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Nat Methods. 2010 Apr;7(4):311-7. doi: 10.1038/nmeth.1442. Epub 2010 Mar 14.

Identifying single-cell molecular programs by stochastic profiling.

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Department of Cell Biology, Harvard Medical School, Boston, Massachusetts, USA.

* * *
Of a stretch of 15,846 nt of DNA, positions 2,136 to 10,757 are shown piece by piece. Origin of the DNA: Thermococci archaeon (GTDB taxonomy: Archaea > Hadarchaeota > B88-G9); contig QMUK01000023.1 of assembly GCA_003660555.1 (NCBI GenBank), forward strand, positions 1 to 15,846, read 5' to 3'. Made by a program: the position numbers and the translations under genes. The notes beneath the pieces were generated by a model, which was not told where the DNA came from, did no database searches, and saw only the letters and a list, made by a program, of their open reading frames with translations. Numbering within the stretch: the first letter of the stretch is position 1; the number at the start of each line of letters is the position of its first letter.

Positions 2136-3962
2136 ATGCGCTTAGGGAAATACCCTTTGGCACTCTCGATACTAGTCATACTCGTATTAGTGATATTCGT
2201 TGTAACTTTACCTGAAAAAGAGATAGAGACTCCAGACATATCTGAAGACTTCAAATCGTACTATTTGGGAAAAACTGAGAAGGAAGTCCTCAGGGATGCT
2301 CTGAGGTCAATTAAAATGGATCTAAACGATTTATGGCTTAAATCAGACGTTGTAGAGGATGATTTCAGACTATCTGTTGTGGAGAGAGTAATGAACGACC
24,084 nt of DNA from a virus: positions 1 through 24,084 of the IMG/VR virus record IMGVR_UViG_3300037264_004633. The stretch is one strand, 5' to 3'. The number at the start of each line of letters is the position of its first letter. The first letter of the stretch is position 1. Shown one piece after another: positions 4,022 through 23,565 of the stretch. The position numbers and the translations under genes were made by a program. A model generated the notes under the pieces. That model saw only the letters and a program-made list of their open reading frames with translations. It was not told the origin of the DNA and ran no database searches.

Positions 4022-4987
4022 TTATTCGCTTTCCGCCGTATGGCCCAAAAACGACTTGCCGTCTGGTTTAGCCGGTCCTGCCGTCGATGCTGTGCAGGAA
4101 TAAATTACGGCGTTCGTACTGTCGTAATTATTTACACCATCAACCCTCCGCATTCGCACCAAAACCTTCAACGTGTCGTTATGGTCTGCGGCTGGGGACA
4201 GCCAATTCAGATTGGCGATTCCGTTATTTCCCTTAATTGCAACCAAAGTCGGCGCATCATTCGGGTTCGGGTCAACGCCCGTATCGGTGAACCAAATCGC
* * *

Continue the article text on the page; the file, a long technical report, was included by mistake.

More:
Cells in tissues can be morphologically indistinguishable yet show molecular expression patterns that are remarkably heterogeneous. Here we describe an approach to comprehensively identify co-regulated, heterogeneously expressed genes among cells that otherwise appear identical. The technique, called stochastic profiling, involves repeated, random selection of very small cell populations via laser-capture microdissection followed by a customized single-cell amplification procedure and transcriptional profiling. Fluctuations in the resulting gene-expression measurements are then analyzed statistically to identify transcripts that are heterogeneously coexpressed. We stochastically profiled matrix-attached human epithelial cells in a three-dimensional culture model of mammary-acinar morphogenesis. Of 4,557 transcripts, we identified 547 genes with strong cell-to-cell expression differences. Clustering of this heterogeneous subset revealed several molecular 'programs' implicated in protein biosynthesis, oxidative-stress responses and NF-kappaB signaling, which we independently confirmed by RNA fluorescence in situ hybridization. Thus, stochastic profiling can reveal single-cell heterogeneities without the need to measure expression in individual cells.

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